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Trihydroxynaphthalene Reductase from Magnaporthe grisea:  Realization of an Active Center Inhibitor and Elucidation of the Kinetic Mechanism

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posted on 18.02.1997, 00:00 authored by James E. Thompson, Gregory S. Basarab, Arnold Andersson, Ylva Lindqvist, Douglas B. Jordan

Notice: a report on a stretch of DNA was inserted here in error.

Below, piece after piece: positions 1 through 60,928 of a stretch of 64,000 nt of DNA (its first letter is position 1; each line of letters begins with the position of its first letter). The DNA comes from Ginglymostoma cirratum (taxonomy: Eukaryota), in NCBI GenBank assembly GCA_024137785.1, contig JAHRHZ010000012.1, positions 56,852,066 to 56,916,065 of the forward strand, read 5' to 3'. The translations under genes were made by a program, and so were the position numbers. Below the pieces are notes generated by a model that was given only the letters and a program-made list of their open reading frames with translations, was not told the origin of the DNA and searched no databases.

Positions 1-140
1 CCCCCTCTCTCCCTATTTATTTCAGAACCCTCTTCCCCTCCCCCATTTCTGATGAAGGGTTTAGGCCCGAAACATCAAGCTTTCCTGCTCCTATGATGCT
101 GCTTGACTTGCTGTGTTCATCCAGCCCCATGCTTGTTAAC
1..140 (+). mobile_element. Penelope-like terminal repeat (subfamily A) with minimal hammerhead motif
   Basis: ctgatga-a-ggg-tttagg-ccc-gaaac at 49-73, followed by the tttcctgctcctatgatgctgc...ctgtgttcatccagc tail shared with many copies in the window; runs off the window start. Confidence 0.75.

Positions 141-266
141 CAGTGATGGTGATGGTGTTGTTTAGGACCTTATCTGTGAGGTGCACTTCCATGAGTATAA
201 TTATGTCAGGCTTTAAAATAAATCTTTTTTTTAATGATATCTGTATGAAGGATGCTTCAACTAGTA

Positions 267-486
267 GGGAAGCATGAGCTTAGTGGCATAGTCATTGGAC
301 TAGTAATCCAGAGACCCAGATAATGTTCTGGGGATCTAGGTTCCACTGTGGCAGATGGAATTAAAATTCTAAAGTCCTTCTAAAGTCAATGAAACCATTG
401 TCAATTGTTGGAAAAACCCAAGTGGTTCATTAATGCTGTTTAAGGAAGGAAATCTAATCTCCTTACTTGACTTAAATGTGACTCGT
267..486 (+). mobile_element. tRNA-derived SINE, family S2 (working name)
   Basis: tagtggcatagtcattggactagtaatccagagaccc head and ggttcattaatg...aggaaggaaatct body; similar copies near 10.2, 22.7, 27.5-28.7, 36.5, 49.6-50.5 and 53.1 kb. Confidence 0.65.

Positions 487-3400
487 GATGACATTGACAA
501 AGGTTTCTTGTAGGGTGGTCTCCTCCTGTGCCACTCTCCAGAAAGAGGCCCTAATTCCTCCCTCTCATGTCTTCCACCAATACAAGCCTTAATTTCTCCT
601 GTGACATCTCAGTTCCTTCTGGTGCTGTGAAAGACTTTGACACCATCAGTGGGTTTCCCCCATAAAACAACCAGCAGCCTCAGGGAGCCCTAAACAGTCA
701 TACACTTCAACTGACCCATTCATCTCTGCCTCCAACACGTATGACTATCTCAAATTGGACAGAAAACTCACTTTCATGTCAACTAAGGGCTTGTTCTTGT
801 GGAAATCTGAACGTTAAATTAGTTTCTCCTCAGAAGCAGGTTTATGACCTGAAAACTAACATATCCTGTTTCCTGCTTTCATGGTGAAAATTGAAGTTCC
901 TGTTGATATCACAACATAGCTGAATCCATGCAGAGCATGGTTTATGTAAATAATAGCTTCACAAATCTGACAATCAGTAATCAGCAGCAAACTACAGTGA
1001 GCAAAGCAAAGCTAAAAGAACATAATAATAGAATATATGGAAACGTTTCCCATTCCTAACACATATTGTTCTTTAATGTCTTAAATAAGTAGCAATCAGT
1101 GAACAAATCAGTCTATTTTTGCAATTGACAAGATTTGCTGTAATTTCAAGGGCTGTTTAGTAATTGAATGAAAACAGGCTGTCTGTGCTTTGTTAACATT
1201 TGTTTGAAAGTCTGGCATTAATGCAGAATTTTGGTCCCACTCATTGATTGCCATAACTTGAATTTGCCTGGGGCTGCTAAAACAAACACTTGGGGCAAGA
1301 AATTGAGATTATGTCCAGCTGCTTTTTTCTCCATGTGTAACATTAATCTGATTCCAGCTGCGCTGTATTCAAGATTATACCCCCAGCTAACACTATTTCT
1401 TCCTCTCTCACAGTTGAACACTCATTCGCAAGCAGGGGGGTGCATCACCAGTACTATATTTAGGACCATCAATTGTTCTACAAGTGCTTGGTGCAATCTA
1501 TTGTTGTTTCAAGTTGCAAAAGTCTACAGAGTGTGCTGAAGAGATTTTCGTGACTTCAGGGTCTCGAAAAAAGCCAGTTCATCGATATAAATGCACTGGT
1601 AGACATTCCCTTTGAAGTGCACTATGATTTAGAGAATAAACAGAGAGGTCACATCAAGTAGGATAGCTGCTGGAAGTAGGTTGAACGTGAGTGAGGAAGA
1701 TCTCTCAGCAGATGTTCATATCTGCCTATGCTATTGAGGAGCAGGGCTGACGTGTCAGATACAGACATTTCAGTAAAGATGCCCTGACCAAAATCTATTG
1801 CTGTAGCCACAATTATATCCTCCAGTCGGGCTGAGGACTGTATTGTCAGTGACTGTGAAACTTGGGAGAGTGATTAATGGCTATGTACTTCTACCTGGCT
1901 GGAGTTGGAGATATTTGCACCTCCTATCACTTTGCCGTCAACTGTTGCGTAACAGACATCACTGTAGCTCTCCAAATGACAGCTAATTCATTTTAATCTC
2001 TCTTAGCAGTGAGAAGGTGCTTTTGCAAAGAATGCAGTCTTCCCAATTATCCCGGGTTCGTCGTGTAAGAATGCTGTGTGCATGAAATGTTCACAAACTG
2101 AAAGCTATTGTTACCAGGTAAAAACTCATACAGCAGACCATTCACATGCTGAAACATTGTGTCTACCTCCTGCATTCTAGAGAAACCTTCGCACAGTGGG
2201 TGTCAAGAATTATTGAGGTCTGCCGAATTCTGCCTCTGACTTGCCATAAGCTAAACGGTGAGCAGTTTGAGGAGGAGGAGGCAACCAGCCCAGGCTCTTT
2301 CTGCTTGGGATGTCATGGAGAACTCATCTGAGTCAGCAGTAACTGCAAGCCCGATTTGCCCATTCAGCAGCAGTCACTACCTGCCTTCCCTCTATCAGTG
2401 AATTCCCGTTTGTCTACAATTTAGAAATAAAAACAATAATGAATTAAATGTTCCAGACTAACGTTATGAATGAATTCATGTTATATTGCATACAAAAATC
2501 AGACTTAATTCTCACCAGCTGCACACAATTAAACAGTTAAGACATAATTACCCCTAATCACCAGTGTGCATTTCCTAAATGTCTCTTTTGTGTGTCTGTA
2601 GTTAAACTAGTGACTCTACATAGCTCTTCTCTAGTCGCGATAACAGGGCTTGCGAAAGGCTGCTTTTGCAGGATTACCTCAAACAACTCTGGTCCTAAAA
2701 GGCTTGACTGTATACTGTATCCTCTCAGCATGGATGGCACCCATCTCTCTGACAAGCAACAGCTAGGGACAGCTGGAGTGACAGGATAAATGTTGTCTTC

Active trihydroxynaphthalene reductase (3HNR) is essential for the biosynthesis of fungal melanin by Magnaporthe grisea and is a focus of inhibitor design studies directed toward control of blast disease in rice. Tricyclazole, a preventative fungicide against rice blast, has been previously characterized as inhibiting 3HNR noncompetitively [Viviani, F., Vors, J. P., Gaudry, M., & Marquet, A. (1993) Bull. Soc. Chem. Fr. 136, 395−404] with respect to its naphthol substrate. Our steady-state kinetic and fluorescence titration studies show that instead the inhibitor binds competitively with respect to the naphthol substrate and that it binds to 3HNR forms with the preferences 3HNR·NADPH > 3HNR·NADP+ > 3HNR (unliganded); Ki = 15 nM, 0.56 μM, and Kd = 8.5 μM, respectively. Analysis of the frontier molecular orbitals of tricyclazole and NADP(H) provides a basis for the affinity differences of tricyclazole for 3HNR·NADP(H) enzyme forms. Fluorescence titrations show that NADPH and naphthol substrates form binary complexes with 3HNR [Kd(NADP+) = 38 μM and Kd(U7278, an alternate naphthol-like substrate) = 220 μM]. However, the overwhelmingly preferred order of productive binding is NADPH followed by naphthol substrate, as shown by the uncompetitive inhibition of 3HNR by tricyclazole with respect to NADPH. Consistent with this mechanism, the Km's for the naphthol substrates U7278 and scytalone (5 and 6 μM, respectively) are much lower than the Kd's of the binary complexes. The partition ratio of U7278 and a physiological substrate (scytalone) was 95:1 and unchanged on varying 3HNR·NADP+/3HNR(unliganded), which is also consistent with the ordered mechanism. The pH dependence of the hydride transfer rate from U7278 to NADP+ was measured, as was the pH dependence of kcat/Km (NADP+). Hydride transfer had a pH dependence which suggests a single deprotonated residue (pKa = 6.0) is required for catalysis. khyd, the rate constant for hydride transfer, was 9-fold larger than kcat with U7278 as a substrate. A burst in the pre-steady-state suggests that release of one or both of the products is rate limiting to kcat at pH 7.0. The pH dependence of kcat/Km(NADP+) indicates a requirement for a single deprotonated group and this ionization is assigned to the 2‘ phosphate of NADP+. 3HNR was found to be 800-fold more specific for NADP+ relative to NAD+. Analysis of sequence and structure [Andersson, A., Jordan, D. B., Schneider, G., & Lindqvist, Y. (1996) Structure 4, 1161−1170] reveals that 3HNR is a member of the short-chain dehydrogenase superfamily of enzymes.